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Women Are Filling Handgun Classes

Surveys Show Personal Protection A Big Motivator

By: National Shooting Sports Foundation

NEWTOWN, Conn. - The old adage, "God made men; Sam Colt made them equal," applies to women, too.

Women across the country are packing classes where they learn about all aspects of handgun ownership. One of the main reasons for attending these classes, they say, is to learn more about how to take charge of their own safety.

Carol, a thirty-something mother from Connecticut, explained her participation in a class: "My husband convinced me that it would be to my benefit to learn how to use a handgun. The experience actually opened up a whole new world for me. I'm really enjoying shooting and learning about different calibers and actions - not to mention getting to spend more time with my husband."

In the classes, women also learn about safe handling and storage of firearms, state and local permitting processes, how to purchase a handgun, what model and caliber is right for them, how to determine proper fit, holsters, apparel and that some handguns even come in colors designed to be more appealing to women.

For several years now, manufacturers have recognized the growing interest in firearm ownership among women and, consequently, have been designing firearms and accessories that offer more appeal and a better fit for women: for example, a grip for a smaller hand and lighter handguns.

The steady rise in handgun sales over the last few years, as well as the introduction of even more models by more companies designed specifically for women, as seen at this year's industry trade show, the SHOT Show, are additional indicators of this trend.

Enrollment in self-protection handgun classes is at an all-time high, especially among women, according to the National Shooting Sports Foundation, which two years ago launched First Shots, a program that provides an introduction to handgun shooting in cooperation with shooting ranges across the country.

Seminars involving classroom and live-fire instruction are held at local gun clubs, usually for a nominal fee. The classes serve the range by introducing it to a new potential customer and serve the interested novices by dispelling the fear and apprehension that women (and men) sometimes have over firing a handgun and keeping it safely in the house. The classes are open to women and men.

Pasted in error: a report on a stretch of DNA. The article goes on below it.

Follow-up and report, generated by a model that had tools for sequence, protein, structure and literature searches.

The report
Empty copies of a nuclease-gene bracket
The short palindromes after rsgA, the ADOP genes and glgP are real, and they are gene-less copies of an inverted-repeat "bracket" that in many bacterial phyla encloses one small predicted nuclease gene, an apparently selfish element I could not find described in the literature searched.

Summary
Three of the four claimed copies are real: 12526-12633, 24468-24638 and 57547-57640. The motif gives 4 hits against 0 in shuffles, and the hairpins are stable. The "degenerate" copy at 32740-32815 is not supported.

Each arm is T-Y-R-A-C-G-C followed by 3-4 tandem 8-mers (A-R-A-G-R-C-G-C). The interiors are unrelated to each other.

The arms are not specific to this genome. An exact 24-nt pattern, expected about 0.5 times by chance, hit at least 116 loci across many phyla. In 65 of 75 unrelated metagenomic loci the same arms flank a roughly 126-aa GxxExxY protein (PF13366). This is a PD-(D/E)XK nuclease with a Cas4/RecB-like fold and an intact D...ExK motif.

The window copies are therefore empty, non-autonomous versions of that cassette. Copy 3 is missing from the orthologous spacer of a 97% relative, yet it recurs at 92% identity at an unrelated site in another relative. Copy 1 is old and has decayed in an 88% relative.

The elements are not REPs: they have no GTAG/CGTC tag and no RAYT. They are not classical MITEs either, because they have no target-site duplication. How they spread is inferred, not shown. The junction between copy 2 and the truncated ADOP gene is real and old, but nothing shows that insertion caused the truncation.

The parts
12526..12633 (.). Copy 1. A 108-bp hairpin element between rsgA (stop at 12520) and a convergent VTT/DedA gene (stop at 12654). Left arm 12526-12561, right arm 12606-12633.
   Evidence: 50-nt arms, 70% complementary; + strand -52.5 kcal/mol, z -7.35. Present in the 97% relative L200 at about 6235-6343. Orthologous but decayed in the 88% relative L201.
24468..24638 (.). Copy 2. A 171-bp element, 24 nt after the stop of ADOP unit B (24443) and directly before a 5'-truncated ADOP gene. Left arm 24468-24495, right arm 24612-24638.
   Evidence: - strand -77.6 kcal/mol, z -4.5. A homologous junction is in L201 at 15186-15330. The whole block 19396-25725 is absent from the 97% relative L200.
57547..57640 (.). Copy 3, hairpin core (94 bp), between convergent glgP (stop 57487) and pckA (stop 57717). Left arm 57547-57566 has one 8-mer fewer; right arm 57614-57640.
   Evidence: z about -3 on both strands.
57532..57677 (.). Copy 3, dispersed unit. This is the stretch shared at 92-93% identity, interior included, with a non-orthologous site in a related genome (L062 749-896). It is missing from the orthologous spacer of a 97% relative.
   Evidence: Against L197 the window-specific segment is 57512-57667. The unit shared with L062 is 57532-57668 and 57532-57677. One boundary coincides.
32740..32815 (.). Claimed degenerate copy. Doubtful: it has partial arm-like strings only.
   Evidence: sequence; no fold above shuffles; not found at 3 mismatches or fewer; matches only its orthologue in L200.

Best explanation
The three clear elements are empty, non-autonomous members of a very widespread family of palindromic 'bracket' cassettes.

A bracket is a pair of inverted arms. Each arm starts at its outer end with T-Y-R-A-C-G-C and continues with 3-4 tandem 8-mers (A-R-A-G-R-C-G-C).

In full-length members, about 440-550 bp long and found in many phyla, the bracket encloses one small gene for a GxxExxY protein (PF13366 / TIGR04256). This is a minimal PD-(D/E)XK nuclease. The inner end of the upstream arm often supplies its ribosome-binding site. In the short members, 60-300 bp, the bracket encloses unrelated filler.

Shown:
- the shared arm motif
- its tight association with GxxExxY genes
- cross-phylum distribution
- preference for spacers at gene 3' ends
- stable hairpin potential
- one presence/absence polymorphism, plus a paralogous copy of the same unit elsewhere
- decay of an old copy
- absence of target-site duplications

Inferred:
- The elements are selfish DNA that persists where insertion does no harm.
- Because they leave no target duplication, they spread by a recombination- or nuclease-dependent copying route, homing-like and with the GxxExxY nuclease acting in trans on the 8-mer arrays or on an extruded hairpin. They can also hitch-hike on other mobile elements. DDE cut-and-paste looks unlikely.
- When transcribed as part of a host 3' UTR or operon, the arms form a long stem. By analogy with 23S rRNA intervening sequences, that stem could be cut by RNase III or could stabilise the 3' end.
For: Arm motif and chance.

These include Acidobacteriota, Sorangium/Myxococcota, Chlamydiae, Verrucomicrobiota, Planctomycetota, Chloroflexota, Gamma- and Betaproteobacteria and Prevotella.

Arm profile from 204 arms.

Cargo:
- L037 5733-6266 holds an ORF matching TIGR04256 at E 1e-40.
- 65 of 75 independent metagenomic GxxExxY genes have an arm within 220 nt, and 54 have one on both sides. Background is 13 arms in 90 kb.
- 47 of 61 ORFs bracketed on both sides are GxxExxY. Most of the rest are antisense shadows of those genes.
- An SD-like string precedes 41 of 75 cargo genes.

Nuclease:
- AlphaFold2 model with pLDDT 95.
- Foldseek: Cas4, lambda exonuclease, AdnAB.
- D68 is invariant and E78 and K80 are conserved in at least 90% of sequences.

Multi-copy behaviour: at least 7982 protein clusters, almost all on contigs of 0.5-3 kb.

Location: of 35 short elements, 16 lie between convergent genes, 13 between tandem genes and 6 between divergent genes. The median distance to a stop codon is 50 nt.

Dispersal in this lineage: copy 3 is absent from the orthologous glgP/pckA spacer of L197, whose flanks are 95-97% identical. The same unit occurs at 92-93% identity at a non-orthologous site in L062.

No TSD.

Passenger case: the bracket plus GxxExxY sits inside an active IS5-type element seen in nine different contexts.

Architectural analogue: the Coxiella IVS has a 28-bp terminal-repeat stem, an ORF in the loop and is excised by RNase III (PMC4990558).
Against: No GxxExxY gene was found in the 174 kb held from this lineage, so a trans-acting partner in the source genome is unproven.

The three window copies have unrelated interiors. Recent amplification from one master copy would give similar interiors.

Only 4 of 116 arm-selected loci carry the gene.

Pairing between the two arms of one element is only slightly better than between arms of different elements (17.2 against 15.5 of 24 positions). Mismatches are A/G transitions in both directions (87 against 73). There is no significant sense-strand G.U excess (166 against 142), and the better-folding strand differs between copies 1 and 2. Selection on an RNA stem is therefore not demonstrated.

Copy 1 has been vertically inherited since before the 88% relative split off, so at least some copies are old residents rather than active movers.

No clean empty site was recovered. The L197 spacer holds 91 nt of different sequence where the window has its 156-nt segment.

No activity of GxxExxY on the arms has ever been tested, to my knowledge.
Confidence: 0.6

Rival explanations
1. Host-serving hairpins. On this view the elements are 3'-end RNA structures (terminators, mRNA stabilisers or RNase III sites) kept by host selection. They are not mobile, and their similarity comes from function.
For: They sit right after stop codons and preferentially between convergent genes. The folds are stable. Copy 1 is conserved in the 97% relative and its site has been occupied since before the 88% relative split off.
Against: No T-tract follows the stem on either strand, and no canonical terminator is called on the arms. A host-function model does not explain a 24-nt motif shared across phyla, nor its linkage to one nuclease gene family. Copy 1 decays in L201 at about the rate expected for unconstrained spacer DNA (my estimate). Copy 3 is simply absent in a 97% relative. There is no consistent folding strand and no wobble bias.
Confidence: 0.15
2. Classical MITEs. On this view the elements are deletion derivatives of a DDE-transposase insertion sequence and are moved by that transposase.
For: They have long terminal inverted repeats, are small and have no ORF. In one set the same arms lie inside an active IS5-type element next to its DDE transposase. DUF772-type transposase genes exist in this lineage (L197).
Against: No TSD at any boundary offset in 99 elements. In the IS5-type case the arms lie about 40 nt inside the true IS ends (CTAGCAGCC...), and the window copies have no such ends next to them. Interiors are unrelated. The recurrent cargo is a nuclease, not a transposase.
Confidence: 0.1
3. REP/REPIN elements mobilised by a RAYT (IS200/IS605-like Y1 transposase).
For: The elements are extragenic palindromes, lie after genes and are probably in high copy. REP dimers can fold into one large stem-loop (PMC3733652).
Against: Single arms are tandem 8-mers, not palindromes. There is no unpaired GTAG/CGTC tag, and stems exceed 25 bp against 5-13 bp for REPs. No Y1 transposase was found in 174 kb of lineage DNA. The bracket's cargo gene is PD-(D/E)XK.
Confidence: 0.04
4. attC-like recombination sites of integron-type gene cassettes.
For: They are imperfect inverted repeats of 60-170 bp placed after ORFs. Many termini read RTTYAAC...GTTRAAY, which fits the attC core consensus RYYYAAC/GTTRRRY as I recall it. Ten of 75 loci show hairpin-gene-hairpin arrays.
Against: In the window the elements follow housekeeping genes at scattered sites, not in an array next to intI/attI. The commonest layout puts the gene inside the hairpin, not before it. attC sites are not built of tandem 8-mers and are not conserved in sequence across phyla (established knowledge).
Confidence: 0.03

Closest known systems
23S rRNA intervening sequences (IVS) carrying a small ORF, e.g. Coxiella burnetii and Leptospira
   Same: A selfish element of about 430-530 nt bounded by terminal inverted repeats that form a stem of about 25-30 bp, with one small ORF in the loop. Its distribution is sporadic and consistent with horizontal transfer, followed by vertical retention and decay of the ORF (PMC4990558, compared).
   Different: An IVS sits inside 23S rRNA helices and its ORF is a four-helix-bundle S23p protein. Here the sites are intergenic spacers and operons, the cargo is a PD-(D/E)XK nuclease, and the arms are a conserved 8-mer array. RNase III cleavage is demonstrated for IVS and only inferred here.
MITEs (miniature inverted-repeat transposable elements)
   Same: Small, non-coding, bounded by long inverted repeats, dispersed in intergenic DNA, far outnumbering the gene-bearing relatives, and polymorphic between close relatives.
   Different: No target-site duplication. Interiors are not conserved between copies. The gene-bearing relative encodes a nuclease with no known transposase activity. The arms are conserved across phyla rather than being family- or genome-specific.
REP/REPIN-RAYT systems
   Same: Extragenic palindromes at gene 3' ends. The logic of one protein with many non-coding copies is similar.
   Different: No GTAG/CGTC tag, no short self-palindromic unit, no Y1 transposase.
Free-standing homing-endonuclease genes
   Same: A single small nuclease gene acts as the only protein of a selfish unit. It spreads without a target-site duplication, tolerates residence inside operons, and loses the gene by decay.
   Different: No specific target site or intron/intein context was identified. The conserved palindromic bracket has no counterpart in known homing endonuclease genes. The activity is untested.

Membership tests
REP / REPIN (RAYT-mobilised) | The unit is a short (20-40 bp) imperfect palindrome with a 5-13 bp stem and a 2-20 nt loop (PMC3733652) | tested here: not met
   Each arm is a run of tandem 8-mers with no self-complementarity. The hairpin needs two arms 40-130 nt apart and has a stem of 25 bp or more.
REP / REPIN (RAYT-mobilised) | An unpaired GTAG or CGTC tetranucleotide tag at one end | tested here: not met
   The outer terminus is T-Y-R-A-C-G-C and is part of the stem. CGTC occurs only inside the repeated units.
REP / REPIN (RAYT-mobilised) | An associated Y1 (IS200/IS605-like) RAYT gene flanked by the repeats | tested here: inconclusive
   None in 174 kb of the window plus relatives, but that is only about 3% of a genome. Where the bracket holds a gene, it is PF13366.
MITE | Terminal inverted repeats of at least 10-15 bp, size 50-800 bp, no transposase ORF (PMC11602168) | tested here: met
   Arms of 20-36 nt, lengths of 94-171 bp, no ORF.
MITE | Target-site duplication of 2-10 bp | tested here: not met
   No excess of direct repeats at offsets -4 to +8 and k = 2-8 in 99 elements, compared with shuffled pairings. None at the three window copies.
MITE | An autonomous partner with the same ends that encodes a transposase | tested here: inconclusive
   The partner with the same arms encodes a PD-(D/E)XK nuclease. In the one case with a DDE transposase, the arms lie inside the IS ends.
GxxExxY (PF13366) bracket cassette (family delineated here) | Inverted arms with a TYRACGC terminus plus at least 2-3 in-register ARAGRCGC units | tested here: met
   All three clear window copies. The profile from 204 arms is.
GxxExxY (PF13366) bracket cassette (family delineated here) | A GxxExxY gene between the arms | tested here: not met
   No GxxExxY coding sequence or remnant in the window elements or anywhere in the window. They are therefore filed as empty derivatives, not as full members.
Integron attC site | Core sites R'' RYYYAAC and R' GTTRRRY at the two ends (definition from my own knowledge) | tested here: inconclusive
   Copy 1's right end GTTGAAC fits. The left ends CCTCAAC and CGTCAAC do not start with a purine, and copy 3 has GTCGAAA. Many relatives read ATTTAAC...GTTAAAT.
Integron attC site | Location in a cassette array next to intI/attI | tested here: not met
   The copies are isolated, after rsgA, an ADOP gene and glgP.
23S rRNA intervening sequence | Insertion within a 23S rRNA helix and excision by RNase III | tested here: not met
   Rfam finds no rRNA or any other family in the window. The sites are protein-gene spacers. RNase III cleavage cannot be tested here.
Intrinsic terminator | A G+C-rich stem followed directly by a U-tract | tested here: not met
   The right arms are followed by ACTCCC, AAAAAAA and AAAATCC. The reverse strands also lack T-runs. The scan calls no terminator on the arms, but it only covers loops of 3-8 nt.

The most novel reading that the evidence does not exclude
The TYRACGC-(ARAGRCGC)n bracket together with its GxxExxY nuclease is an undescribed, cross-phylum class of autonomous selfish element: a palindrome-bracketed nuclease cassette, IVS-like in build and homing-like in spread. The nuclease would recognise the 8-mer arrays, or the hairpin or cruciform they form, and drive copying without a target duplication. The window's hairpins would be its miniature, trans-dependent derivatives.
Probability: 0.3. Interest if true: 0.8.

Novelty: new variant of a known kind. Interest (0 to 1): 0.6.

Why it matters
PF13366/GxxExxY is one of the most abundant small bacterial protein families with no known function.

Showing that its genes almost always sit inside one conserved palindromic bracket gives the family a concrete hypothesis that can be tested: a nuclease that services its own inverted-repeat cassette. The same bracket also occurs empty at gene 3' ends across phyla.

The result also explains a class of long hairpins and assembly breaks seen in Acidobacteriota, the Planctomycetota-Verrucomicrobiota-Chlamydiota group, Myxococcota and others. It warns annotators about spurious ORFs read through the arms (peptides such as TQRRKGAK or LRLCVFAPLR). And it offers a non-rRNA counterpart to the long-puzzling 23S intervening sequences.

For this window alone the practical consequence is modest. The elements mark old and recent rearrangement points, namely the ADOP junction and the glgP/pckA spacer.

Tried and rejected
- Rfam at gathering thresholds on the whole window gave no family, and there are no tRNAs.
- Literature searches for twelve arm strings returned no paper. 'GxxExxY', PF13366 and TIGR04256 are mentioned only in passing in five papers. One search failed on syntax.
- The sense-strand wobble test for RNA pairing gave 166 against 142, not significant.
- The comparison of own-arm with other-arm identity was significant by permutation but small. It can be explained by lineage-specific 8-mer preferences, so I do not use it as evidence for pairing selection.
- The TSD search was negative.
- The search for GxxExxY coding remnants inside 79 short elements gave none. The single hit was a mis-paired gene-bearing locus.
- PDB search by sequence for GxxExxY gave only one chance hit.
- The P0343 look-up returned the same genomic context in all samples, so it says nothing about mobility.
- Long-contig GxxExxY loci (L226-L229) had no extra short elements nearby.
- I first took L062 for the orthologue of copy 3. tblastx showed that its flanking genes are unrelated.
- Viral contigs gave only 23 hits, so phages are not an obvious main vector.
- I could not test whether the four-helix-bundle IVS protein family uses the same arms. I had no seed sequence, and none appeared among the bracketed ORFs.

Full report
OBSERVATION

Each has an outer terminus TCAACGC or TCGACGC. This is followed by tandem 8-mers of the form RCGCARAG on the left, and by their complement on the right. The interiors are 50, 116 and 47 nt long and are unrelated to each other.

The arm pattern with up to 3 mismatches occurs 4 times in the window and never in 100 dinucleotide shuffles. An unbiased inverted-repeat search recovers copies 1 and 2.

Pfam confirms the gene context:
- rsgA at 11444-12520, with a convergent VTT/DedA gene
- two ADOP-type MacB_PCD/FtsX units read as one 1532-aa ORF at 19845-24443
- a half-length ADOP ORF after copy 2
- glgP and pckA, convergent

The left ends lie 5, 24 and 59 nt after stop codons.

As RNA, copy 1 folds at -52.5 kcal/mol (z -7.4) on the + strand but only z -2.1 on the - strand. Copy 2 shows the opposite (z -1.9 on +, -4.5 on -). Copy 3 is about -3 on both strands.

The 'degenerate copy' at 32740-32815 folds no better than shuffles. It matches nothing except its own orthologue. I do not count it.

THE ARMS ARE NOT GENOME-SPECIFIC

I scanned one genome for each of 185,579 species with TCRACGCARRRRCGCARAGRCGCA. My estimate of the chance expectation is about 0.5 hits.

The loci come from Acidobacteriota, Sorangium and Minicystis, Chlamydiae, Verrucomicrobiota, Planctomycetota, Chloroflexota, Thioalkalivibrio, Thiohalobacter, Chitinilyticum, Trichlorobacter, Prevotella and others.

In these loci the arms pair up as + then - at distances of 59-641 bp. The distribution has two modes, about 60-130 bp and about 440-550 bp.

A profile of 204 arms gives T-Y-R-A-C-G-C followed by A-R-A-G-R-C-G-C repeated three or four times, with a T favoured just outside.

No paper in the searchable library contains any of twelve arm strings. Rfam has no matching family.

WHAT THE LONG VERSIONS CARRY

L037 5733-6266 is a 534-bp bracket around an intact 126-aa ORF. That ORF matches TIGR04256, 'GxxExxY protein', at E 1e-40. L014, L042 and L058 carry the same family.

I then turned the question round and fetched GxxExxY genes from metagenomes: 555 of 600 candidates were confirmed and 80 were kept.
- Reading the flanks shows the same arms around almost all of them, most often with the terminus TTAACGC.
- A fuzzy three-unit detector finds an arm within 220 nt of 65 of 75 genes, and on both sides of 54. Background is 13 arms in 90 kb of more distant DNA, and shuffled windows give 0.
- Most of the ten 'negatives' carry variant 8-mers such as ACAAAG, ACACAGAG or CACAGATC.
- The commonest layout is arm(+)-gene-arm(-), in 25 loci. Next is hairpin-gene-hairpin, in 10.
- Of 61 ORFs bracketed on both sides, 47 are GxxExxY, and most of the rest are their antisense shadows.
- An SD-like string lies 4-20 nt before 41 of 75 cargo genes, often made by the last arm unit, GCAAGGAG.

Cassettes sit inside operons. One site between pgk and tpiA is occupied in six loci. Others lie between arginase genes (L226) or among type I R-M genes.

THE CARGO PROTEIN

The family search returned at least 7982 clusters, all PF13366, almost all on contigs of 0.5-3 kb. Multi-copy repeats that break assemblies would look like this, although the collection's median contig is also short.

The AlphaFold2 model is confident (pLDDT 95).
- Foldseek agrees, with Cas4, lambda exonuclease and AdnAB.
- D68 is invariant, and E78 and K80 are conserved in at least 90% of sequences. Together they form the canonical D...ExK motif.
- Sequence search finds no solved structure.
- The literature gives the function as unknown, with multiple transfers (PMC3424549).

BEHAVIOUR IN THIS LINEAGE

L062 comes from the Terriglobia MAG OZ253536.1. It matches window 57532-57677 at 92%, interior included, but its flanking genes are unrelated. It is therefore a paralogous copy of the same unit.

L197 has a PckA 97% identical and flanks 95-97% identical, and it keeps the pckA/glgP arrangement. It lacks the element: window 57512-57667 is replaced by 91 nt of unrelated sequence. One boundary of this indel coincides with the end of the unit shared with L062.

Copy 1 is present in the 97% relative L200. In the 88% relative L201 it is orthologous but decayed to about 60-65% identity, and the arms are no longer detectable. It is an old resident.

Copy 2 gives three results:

Shooting range operators, too, have noted the surge in interest related to handgun ownership. John Monson, of Bill's Gun Shop and Range in Minnesota, had this to say: "To date, we have held four First Shots programs in three months. We've had great response from the classes and have added over 100 new customers to our base."

A survey of women from the classes indicates that 73 percent enrolled because learning about self-protection was a prime concern for them. And over 95 percent of those women indicated that they were "likely to continue to participate in handgun shooting."

"The key to making these events appealing to women is to conduct them is a relaxed, supportive environment," commented Cyndi Dalena, manager of the First Shots program nationally.

Supervised by certified firearms instructors, most First Shots events are filled to capacity. Jeff Pedro, owner of an Ohio shooting facility, recognized the potential of the program early on, and now conducts about a dozen events a year. "A large percentage of our participants are women. Most of them sign up at the urging of a husband or male friend who wants them to experience not only the fun of shooting, but also to dispel any negative preconceptions about, or fears of, handguns," he explained. "And what's especially gratifying is that just about all of them come back for more."

To locate a First Shots program in your area, visit www.firstshots.org/seminars.html.

The National Shooting Sports Foundation encourages anyone interested in learning about the proper use of handguns, whether for target shooting, competition or personal protection, to be sure to get proper training in handling and safety procedures from a certified instructor.

Learn more on this topic and view a Flash slideshow at www.nssf.org/media.

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